Pictured: what 20-somethings say when they want a burger.
For a blip of time in the mid-2000s, an animated banner ad with those three frames proliferated around the Internet. It even came out that the advertisers had no clue that "I'd hit it" had any sexual innuendo associated with it at all - they sincerely thought that it was like any other throwaway slang from the younger generation. By the time McDonalds could redact the banner ads, it had already been mocked to hell and back.
This gaffe is best explained by assuming the advertisers were out of touch with their audience. In a lot of ways, this is a problem with online advertisement in general - they're out of touch with their audience, and everyone suffers for it.
Ads are the lifeblood of online business. YouTube thrives on it. The SomethingAwful forums report that the on-site ads help cover the $3400/month bandwidth. The free information and entertainment that we find online is made possible by ad revenue.
There are two ways that an advertisement can benefit its publisher site: by visit or by sight. The design of a good ad should leave an impression on the viewer, and hopefully the viewer remembers the product for later. The viewer can also opt to click the ad, sending them straight to the vendor's website. Because visits and visual hits are both important to the product dealer, advertisers pay their host sites by page views, clicks, sales, or some ratio of the three. This framework has allowed online websites to flourish.
But ads are only profitable if they are actually capable of bringing revenue to their vendors. Do online ads accomplish this?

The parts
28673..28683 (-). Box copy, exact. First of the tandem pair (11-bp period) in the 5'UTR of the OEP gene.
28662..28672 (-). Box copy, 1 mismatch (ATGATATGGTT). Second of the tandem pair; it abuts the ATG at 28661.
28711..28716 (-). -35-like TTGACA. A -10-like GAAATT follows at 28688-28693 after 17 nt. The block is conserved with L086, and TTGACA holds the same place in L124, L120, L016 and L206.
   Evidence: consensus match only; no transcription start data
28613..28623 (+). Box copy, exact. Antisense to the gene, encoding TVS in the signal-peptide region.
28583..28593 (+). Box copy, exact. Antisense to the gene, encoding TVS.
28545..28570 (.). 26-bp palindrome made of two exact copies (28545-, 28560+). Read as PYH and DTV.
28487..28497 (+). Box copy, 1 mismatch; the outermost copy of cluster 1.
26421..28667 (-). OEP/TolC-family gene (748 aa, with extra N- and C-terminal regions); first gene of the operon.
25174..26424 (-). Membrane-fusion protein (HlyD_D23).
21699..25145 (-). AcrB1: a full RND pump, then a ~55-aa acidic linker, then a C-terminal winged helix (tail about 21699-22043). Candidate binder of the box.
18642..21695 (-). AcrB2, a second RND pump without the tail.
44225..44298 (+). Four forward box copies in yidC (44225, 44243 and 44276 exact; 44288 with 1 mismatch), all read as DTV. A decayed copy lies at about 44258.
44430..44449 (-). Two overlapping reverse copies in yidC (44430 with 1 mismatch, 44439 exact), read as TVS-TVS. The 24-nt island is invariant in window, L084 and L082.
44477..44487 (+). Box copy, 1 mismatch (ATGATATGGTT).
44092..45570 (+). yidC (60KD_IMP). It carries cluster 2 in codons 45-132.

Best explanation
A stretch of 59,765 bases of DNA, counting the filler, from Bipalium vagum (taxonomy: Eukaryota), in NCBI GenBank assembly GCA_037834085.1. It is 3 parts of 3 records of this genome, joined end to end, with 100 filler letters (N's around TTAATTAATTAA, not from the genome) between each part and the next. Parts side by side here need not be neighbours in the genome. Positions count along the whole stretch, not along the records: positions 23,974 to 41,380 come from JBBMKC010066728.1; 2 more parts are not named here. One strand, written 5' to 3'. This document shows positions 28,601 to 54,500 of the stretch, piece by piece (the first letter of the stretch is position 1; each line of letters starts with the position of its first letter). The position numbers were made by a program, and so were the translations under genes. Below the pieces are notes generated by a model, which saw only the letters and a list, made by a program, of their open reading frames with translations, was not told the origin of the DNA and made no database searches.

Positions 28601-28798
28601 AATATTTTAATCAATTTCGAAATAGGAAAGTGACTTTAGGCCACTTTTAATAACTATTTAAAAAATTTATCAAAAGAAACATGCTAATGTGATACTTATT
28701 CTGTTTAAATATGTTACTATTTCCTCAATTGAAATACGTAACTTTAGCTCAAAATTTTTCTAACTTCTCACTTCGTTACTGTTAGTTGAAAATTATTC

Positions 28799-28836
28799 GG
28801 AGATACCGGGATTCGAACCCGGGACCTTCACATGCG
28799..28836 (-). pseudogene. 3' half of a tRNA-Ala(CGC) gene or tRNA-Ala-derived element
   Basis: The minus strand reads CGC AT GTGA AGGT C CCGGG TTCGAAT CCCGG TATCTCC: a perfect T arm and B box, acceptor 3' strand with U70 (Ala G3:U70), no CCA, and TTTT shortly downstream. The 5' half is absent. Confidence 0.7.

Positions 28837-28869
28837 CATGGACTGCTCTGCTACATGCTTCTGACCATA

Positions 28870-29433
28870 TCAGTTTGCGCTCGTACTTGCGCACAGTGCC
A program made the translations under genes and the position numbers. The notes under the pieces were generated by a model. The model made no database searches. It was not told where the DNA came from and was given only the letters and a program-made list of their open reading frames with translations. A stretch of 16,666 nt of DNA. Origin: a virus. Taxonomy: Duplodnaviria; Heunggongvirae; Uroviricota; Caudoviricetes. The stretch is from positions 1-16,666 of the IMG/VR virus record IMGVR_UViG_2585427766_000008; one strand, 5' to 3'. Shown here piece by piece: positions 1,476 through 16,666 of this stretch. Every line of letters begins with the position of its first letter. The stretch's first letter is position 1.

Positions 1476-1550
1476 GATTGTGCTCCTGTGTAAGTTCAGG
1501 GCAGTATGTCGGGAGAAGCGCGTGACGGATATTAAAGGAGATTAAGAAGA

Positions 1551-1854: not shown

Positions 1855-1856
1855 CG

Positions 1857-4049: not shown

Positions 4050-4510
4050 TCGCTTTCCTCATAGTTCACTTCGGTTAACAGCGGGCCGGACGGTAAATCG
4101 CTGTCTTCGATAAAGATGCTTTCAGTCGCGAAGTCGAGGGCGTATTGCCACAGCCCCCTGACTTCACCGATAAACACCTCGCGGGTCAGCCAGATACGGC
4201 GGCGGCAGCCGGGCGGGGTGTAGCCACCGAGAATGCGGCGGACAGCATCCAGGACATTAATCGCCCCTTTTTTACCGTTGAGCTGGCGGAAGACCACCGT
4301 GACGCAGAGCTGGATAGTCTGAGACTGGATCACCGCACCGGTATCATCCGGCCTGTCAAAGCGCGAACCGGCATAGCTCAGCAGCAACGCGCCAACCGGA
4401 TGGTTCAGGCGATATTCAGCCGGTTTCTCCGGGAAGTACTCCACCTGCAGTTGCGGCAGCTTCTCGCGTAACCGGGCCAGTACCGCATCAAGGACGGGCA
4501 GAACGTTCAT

One 2009 study shows that website traffic to vendors' websites was about 50% higher after exposure to an ad campaign. However, only 16% of internet users clicked on advertisements, with no further information offered on purchasing rates. In 2012, marketers and internet users had a large rift in opinion over the effectiveness of online ads, with most online goers saying that traditional advertisement was more effective. It seems that online ads do boost attention to their vendors, but do not penetrate far into the online audience. There's even a term that describes what happens when people mentally block out online ads altogether - "banner blindness".
What's more, being online allows Internet users to subvert advertisement altogether. Approximately 12 million people use Adblock Plus, a browser add-on that automatically blocks advertisements and allows for surfing the web ad-free. It is the most popular add-on for Mozilla Firefox. This is an unsustainable approach for consumers to use, since blocking ads from a website also block the website from ad revenue. But it demonstrates a clear frustration that online users have with advertisements.
It's not hard to see the appeal, either.